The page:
そんなとき すぐ前の車が 法定速度よりずいぶん遅く走っています

  • and the person in front of you is driving well below the speed limit.


  • And it's frustrating

    ノロノロ運転の理由を こちらは知りようがないからです

  • because you can't really see why they're driving so slow.


  • That's primary appraisal.

    状況を見て「ひどいな 非難に値する」と判断します

  • You've looked at this and you've said it's bad and it's blameworthy.


  • But maybe you also decide it's not that big a deal.

    「別に急いでないし どうでもいいか」と 判断するかもしれません

  • You're not in a hurry, doesn't matter.

    これが「二次評価」です 腹は立ちません

  • That's secondary appraisal -- you don't get angry.

    しかし これが就職面接に 向かう途中だったとしましょう

  • But now imagine you're on your way to a job interview.


  • What that person is doing, it hasn't changed, right?

    一次評価の結果は変わりません 非難に値するひどいことだと

  • So primary appraisal doesn't change; still bad, still blameworthy.

    でも あなた自身の余裕が 確実に違います

  • But your ability to cope with it sure does.

    一転して 今度は

  • Because all of a sudden,


  • you're going to be late to that job interview.


  • All of a sudden,


  • you are not going to get your dream job,


  • the one that was going to give you piles and piles of money.


  • (Laughter)

    理想の仕事が 誰かに取られてしまい

  • Somebody else is going to get your dream job


  • and you're going to be broke.


  • You're going to be destitute.

    もう諦めて 引き返そうか 実家に戻ろうかな

  • Might as well stop now, turn around, move in with your parents.


  • (Laughter)


  • Why?


  • "Because of this person in front of me.

    いや 人じゃない 鬼だ

  • This is not a person, this is a monster."


  • (Laughter)

    俺の人生を台無しにするためだけに やって来た鬼だ と

  • And this monster is here just to ruin your life.


  • (Laughter)

    さて この思考の流れを

  • Now that thought process,

    「破局的思考」といいます 物事を最悪の方向に解釈することです

  • it's called catastrophizing, the one where we make the worst of things.

    怒りが慢性化した人に 最もよくあるタイプの考え方です

  • And it's one of the primary types of thoughts that we know


  • is associated with chronic anger.


  • But there's a couple of others.

    怒っている人は理由を 無関係なものに転嫁する傾向があり

  • Misattributing causation.


  • Angry people tend to put blame where it doesn't belong.


  • Not just on people,


  • but actually inanimate objects as well.

    車の鍵が見つからない時 こんなことを言ったんじゃないですか

  • And if you think that sound ridiculous,


  • think about the last time you lost your car keys and you said,

    鍵は自分で勝手に 逃げ出すものですからね

  • "Where did those car keys go?"


  • Because you know they ran off on their own.

    過度に一般化する傾向もあります 「いつも」「絶対」「毎回」が口癖です

  • (Laughter)


  • They tend to overgeneralize, they use words like "always,"


  • "never," "every," "this always happens to me,"

    「ここに来る途中 信号という信号が赤だった」

  • "I never get what I want"

    他人より自分の欲求を優先させる 「わがまま」もあります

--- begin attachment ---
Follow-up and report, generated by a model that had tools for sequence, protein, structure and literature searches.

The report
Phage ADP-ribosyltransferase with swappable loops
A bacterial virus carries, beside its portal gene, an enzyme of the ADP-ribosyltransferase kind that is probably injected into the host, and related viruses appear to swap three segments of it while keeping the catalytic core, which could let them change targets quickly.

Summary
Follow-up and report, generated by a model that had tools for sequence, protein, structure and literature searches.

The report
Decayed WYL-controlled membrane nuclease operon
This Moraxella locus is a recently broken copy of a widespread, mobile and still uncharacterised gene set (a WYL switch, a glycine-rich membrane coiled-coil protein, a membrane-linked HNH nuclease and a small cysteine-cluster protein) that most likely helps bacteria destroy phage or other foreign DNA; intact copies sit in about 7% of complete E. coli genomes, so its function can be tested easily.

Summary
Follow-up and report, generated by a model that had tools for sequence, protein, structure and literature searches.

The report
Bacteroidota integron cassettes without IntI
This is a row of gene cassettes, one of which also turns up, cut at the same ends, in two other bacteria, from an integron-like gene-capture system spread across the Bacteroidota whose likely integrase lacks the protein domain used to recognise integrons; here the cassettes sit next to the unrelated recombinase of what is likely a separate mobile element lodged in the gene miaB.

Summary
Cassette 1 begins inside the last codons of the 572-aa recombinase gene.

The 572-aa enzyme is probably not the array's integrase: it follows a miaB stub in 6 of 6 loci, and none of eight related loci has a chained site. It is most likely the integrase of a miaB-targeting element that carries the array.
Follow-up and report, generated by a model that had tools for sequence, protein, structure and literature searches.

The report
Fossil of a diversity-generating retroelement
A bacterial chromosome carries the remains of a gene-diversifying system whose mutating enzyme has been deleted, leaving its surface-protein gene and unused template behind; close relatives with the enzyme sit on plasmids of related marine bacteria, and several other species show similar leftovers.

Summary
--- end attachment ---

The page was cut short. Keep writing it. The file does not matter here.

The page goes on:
• or "I hit every stoplight on the way here today."

    「あいつがノロノロ運転してる 理由なんか知るか

  • Demandingness: they put their own needs ahead of the needs of others:

    俺が面接に間に合うように スピード上げるか 道を譲れよな」

  • "I don't care why this person is driving so slow,

    おしまいは 「怒りをかき立てるレッテル貼り」

  • they need to speed up or move over so I can get to this job interview."

    他人をバカ アホ 鬼などと呼ばわり

  • And finally, inflammatory labeling.

    この場では口に出してはいけない言葉が 軒並み飛び出すことも

  • They call people fools, idiots, monsters,


  • or a whole bunch of things I've been told I'm not allowed to say

    長い間 心理学では このような思考を

  • during this TED Talk.

    「認知のゆがみ」「理不尽な思い込み」 などと呼んできました

  • (Laughter)

    確かに 理不尽なものもあります

  • So for a long time,

    まあ ほとんどの場合そうです

  • psychologists have referred to these as cognitive distortions

    しかし 時には 筋の通った怒りもあります

  • or even irrational beliefs.


  • And yeah, sometimes they are irrational.

    残忍で利己的な人が 存在しますし

  • Maybe even most of the time.

    ひどい扱いを受けたときは 怒っていいどころか

  • But sometimes, these thoughts are totally rational.


  • There is unfairness in the world.

    今日のトークから 憶えて帰ってほしいことを1つ挙げるなら

  • There are cruel, selfish people,

    怒りという感情が 私たちに備わっているのは

  • and it's not only OK to be angry when we're treated poorly,

    私たちの祖先が 人間になる前も なった後も 怒りのおかげで

  • it's right to be angry when we're treated poorly.


  • If there's one thing I want you to remember from my talk today, it's this:


  • your anger exists in you as an emotion

    怒りは不当な物事の存在を 知らせてくれます

  • because it offered your ancestors, both human and nonhuman,


  • with an evolutionary advantage.


  • Just as your fear alerts you to danger,

    さらに怒りは 不当な物事に 立ち向かう原動力にもなります

  • your anger alerts you to injustice.

    ここ最近 腹を立てた時のことを 思い出してください

  • It's one of the ways your brain communicates to you


  • that you have had enough.

    呼吸が荒くなり 汗をかき始めたでしょう

  • What's more, it energizes you to confront that injustice.


  • Think for a second about the last time you got mad.

    「闘争・逃走本能」としても 知られており

  • Your heart rate increased.

    これが作動することで 対応する力が湧くのです

  • Your breathing increased, you started to sweat.


  • That's your sympathetic nervous system,

    同時に 消化も遅くなります エネルギーを節約するためです

  • otherwise known as your fight-or-flight system,


  • kicking in to offer you the energy you need to respond.

    手足の隅々に血液を送るために 血管も広がります

  • And that's just the stuff you noticed.


  • At the same time, your digestive system slowed down so you could conserve energy.

    どれも 現代の人類に受け継がれた 複雑な生理反応の一部です

  • That's why your mouth went dry.

    人類の祖先が 厳しい大自然の力に

  • And your blood vessels dilated to get blood to your extremities.

    立ち向かう際に 役立ってきたからです